United States District Court, D. Nevada
GRANTINGMOTIONTOFILE SURREPLY (ECF NOS. 80, 106)
P. GORDON, UNITED STATES DISTRICT JUDGE.
Baskim Holdings, Inc. filed this lawsuit against defendants
Two M, Inc. and Omar Aldabbagh, alleging the defendants
infringed Baskim's trademarks related to Babe's
Cabaret. The defendants move for summary judgment, arguing
Baskim lacks standing to bring its trademark claims because
it did not own the trademarks at the time this lawsuit was
initiated, and a March 2017 nunc pro tunc assignment
cannot retroactively confer standing on Baskim. The
defendants also argue Baskim procured its
federally-registered marks through fraud by falsely
representing to the United States Patent and Trademark Office
(USPTO) that Baskim had used the marks since 2005 when Baskim
was not even formed until 2009. Finally, they contend that
Baskim could not have used the trademark before the
defendants did because Baskim did not exist until 2009 and
Baskim did not obtain the rights to the Babe's marks
until the March 2017 assignment.
responds that it obtained the trademark rights through a 2009
oral assignment that pre-dates the marks' federal
registrations. Baskim contends it has standing because oral
assignments of unregistered marks are valid. Baskim argues
that the assignor used the mark starting in 2005, so
Baskim's statements to the USPTO that it or its
predecessors had used the marks since 2005 were truthful.
Finally, Baskim asserts that for these same reasons, its use
predates the defendants' use because Baskim steps into
the shoes of its assignor.
the defendants' motion because they have not shown as a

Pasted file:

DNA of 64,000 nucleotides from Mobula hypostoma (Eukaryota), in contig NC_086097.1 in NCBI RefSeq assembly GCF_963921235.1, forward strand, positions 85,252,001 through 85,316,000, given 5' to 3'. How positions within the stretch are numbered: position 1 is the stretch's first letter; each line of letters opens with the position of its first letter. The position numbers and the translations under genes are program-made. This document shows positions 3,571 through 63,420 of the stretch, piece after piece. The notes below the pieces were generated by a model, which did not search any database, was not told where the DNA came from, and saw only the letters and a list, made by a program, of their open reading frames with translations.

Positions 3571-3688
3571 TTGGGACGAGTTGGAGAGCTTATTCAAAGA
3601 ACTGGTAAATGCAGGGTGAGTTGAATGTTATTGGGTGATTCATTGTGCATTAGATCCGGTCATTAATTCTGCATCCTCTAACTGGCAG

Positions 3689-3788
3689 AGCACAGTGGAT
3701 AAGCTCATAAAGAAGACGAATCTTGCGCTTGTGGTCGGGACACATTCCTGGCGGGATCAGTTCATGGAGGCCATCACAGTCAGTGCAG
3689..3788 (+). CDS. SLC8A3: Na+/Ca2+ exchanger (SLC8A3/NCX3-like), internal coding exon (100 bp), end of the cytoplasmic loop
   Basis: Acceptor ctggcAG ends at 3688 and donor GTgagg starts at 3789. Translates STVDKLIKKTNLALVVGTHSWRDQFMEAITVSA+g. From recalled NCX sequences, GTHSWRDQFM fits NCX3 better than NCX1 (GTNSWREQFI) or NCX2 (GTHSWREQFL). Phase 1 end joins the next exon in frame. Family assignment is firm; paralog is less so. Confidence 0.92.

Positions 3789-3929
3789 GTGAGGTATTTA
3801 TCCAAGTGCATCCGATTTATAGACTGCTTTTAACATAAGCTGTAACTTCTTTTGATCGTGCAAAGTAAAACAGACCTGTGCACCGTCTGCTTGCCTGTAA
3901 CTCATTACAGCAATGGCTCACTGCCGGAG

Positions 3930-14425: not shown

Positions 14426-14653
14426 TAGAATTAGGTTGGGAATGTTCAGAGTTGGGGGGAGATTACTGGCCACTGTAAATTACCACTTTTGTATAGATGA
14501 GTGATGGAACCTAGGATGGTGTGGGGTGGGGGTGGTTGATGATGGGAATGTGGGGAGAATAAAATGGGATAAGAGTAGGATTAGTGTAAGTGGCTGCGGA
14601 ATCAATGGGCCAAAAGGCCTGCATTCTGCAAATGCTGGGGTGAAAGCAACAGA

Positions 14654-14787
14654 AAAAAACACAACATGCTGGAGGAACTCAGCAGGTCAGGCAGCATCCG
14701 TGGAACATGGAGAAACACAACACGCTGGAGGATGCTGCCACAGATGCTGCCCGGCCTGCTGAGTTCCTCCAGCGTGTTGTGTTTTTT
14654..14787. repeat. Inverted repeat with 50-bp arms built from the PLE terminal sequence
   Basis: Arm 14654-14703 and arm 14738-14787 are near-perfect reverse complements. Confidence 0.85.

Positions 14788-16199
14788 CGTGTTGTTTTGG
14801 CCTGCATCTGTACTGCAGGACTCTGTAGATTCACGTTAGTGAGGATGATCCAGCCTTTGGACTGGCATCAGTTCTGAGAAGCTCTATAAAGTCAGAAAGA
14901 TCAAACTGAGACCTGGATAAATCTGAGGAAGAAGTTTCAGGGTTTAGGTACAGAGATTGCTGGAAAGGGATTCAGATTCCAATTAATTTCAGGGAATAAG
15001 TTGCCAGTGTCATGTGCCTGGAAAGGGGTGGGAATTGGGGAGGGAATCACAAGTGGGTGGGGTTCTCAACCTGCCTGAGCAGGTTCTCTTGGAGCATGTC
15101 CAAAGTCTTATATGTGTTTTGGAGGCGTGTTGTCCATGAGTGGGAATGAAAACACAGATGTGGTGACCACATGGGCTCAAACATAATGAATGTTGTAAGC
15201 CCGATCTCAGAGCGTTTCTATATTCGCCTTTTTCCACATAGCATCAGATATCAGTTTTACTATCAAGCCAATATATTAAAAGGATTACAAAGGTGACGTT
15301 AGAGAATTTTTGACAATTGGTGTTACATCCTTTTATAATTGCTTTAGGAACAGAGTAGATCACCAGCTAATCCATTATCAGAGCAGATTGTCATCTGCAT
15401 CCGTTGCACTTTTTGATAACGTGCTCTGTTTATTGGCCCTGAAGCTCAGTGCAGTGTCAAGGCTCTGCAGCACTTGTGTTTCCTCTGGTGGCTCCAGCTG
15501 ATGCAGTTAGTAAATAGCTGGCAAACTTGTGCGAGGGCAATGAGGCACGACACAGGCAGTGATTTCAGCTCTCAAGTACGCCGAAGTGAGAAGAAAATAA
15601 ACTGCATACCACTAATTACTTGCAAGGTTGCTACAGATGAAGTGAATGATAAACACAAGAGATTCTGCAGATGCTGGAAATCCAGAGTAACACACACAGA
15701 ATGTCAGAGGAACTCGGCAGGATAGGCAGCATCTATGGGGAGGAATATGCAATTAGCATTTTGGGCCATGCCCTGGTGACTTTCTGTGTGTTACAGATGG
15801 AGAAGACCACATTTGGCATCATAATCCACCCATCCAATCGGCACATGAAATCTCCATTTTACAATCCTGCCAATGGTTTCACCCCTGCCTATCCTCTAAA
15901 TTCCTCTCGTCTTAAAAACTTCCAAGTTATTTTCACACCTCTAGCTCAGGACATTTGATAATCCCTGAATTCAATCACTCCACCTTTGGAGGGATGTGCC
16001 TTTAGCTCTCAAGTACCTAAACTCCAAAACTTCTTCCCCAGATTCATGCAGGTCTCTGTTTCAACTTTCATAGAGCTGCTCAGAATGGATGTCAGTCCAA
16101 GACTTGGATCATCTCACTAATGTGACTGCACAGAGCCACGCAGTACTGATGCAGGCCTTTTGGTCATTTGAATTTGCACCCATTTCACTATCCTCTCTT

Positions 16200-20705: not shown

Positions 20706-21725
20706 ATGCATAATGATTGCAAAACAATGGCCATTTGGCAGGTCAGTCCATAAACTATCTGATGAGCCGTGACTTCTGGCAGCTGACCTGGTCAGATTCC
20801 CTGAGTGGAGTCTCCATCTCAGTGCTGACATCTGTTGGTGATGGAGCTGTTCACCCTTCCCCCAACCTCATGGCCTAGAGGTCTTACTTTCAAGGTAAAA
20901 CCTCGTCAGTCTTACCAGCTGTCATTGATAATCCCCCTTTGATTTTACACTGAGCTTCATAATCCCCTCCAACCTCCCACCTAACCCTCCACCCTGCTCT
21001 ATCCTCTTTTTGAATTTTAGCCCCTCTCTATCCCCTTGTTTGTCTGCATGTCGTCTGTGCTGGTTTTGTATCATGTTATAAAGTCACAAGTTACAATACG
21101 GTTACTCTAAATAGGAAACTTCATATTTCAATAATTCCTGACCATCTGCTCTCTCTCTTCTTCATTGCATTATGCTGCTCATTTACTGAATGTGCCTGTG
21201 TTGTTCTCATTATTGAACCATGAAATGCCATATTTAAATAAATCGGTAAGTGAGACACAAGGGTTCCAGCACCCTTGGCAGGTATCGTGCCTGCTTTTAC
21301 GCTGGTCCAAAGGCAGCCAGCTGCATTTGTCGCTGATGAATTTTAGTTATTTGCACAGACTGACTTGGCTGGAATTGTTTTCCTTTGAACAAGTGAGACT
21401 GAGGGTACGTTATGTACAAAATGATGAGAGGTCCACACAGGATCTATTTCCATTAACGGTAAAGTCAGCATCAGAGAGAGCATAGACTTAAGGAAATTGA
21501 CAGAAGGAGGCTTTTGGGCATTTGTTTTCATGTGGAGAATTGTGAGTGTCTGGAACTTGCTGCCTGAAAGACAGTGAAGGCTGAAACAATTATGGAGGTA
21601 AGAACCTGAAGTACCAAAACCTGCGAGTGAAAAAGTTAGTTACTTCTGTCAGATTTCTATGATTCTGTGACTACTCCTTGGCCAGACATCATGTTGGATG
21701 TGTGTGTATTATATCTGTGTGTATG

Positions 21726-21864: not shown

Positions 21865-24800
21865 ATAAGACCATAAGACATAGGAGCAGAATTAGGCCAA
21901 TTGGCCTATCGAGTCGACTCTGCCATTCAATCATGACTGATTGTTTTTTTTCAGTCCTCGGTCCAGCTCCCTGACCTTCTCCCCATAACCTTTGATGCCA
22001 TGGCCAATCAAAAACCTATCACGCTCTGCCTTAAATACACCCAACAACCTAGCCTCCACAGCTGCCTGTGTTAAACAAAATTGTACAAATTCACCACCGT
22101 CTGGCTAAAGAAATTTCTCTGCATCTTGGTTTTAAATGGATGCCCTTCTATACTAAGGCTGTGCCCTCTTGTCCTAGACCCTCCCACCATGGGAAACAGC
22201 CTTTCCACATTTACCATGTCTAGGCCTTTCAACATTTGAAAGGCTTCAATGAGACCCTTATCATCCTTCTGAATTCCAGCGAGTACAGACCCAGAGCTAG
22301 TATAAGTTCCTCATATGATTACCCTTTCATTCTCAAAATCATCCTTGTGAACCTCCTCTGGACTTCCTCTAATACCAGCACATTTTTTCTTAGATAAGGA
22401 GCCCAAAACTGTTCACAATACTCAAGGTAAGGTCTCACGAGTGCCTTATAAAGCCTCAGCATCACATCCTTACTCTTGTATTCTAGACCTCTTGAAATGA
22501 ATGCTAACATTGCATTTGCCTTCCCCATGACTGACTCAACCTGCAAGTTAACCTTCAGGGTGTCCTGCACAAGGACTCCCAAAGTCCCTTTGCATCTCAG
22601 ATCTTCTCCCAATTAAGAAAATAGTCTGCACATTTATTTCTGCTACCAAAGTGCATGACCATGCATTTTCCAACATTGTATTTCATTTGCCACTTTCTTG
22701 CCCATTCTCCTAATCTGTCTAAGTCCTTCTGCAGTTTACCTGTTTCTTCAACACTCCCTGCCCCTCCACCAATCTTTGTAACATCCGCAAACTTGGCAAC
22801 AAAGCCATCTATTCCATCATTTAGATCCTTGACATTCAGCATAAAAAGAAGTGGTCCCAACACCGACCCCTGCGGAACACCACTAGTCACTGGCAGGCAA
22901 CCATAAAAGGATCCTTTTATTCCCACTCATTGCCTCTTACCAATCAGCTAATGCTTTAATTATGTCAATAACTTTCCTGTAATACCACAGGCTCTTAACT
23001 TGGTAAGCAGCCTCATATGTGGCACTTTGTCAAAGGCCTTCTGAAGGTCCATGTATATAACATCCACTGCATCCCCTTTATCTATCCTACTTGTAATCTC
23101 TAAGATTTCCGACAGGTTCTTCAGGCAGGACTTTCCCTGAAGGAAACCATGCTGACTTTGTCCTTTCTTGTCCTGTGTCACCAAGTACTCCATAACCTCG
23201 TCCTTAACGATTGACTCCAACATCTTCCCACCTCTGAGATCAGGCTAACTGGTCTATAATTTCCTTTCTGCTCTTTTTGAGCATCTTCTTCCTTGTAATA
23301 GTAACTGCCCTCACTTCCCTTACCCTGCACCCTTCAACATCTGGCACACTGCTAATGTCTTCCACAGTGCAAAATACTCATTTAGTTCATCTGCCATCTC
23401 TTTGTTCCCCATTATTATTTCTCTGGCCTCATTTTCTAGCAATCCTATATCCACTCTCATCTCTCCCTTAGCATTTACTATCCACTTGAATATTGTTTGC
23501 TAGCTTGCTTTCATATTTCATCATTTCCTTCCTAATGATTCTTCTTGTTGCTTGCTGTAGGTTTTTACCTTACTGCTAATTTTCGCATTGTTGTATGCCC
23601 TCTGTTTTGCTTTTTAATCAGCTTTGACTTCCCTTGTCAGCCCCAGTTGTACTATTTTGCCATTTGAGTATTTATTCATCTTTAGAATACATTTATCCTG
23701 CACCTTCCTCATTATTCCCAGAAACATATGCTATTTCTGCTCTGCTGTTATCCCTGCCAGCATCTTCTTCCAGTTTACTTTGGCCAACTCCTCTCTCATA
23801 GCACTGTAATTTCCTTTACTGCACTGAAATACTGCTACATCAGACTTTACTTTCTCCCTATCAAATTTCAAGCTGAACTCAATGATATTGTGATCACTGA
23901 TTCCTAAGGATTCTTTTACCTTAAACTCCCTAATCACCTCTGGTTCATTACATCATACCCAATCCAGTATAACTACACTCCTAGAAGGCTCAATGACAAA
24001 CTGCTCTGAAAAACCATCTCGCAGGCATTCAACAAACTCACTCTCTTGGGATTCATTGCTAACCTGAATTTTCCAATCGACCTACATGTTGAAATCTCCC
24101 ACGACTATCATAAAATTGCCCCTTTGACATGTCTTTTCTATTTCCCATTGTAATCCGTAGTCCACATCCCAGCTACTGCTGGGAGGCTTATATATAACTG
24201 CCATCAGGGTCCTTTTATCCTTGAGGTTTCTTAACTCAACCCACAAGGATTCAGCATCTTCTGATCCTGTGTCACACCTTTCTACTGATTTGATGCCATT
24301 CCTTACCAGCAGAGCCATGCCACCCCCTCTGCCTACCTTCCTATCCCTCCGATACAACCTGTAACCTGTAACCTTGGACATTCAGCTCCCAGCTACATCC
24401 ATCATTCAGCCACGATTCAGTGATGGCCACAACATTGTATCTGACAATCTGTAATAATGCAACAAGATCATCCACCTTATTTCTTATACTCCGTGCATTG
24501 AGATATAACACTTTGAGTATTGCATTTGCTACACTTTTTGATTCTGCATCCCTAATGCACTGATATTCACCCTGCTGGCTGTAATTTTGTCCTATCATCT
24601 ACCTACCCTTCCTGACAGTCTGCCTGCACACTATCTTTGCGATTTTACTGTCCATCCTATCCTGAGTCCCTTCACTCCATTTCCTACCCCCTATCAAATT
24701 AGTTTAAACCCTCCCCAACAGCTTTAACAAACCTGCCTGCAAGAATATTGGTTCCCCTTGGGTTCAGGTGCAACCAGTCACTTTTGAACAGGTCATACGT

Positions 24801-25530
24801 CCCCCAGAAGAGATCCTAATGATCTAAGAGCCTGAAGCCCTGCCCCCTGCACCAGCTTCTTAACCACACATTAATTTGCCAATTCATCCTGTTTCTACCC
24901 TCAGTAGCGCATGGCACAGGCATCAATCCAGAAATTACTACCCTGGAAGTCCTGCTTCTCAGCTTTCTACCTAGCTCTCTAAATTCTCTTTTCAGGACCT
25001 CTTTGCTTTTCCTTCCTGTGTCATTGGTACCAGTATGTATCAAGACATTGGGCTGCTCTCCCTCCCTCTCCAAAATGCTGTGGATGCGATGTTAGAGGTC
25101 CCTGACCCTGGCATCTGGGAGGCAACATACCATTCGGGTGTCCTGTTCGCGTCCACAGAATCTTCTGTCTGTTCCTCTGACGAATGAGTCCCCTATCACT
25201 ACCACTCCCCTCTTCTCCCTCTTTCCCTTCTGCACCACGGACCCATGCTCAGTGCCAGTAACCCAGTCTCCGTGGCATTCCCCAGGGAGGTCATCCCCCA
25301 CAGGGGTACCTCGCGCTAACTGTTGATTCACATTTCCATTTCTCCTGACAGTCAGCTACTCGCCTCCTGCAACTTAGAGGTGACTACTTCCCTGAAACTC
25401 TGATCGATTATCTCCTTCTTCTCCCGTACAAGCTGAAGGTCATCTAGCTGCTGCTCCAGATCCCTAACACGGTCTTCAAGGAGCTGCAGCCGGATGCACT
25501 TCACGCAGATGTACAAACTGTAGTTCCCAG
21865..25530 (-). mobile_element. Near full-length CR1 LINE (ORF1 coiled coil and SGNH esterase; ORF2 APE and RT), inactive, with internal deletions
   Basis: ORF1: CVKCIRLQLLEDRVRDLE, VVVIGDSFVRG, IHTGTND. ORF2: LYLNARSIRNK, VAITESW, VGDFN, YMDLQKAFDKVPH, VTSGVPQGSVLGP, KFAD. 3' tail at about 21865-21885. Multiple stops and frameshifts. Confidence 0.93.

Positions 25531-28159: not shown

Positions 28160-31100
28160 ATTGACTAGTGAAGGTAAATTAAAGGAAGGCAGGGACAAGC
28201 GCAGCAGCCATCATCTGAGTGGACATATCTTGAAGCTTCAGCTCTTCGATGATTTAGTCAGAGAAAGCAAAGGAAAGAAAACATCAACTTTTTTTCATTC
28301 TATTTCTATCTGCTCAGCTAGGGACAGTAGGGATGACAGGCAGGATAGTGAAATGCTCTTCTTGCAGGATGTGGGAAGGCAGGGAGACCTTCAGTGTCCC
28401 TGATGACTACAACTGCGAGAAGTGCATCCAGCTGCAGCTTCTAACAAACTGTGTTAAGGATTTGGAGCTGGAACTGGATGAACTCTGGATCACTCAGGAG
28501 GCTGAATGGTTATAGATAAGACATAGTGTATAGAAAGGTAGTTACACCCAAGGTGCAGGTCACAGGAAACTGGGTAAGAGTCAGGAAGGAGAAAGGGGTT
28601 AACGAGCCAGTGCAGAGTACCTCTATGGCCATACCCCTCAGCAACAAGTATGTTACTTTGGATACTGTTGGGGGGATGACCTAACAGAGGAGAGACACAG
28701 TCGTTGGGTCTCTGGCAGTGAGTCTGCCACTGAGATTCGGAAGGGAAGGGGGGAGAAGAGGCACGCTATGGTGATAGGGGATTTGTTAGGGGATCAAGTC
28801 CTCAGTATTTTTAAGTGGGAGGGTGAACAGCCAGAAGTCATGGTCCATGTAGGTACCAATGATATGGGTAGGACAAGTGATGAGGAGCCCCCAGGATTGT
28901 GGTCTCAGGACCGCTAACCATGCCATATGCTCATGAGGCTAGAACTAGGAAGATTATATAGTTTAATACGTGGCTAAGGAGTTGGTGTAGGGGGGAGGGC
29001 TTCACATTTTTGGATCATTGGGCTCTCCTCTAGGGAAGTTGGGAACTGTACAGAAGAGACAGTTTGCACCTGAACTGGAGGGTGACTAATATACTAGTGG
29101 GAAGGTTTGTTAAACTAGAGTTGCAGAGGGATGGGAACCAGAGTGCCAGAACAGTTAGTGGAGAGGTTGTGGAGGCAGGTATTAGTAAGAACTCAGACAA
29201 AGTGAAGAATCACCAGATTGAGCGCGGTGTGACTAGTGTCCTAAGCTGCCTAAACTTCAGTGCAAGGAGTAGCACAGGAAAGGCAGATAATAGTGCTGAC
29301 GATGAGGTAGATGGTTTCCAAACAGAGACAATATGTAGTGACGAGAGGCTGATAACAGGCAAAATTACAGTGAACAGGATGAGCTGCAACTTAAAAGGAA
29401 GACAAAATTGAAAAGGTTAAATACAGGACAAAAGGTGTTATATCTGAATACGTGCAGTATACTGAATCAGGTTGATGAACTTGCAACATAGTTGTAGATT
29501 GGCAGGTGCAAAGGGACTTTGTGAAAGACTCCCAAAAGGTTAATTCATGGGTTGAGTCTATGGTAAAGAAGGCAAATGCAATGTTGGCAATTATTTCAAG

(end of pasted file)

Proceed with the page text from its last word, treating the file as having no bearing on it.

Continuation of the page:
matter of law that Baskim lacks standing or committed a fraud
on the USPTO. Additionally, because Baskim as assignee steps
into the shoes of its assignor, the defendants also have not
shown as a matter of law that their use of the Babe's
marks pre-dates Baskim's.
2005, non-party RMDR Investments, Inc. began operating a
strip club called Babe's Cabaret in New Orleans,
Louisiana. ECF No. 44-1 at 3. RMDR continuously used the
Babe's Cabaret mark until 2009, when RMDR was sold to the
same individuals who formed and own Baskim. Id.; ECF
Nos. 80 at 24; 99-2 at 3-4. Baskim was formed to hold the
Babe's Cabaret intellectual property, and according to
Baskim's president, Charles Bass, RMDR orally assigned
its rights in the Babe's Cabaret name to Baskim. ECF Nos.
44-1 at 3; 80 at 24; 99-2 at 3-4. Baskim then licensed use of
the Babe's name back to RMDR. ECF No. 44-1 at 3.
Following the 2009 oral assignment, Baskim has licensed the
Babe's marks to other strip clubs, including one in Texas
and another in New Jersey. ECF No. 44-1 at 5.
February 2015, Baskim filed applications with the USPTO to
register the “Babe's Cabaret, ”
“Babe's NOLA, ” “Babe's NOLA
Cabaret, ” and “Babe's Cabaret NOLA”
marks in connection with exotic dancing. Id. at 4-5;
ECF No. 80 at 43, 61. In its application for the Babe's
Cabaret mark, Baskim represented to the USPTO that “the
mark was first used by the applicant or the applicant's
related company or licensee predecessor in interest at least
as early as 11/28/2005.” ECF No. 99-1 at 5. All four
applications were granted. ECF No. 44-1 at 4-5.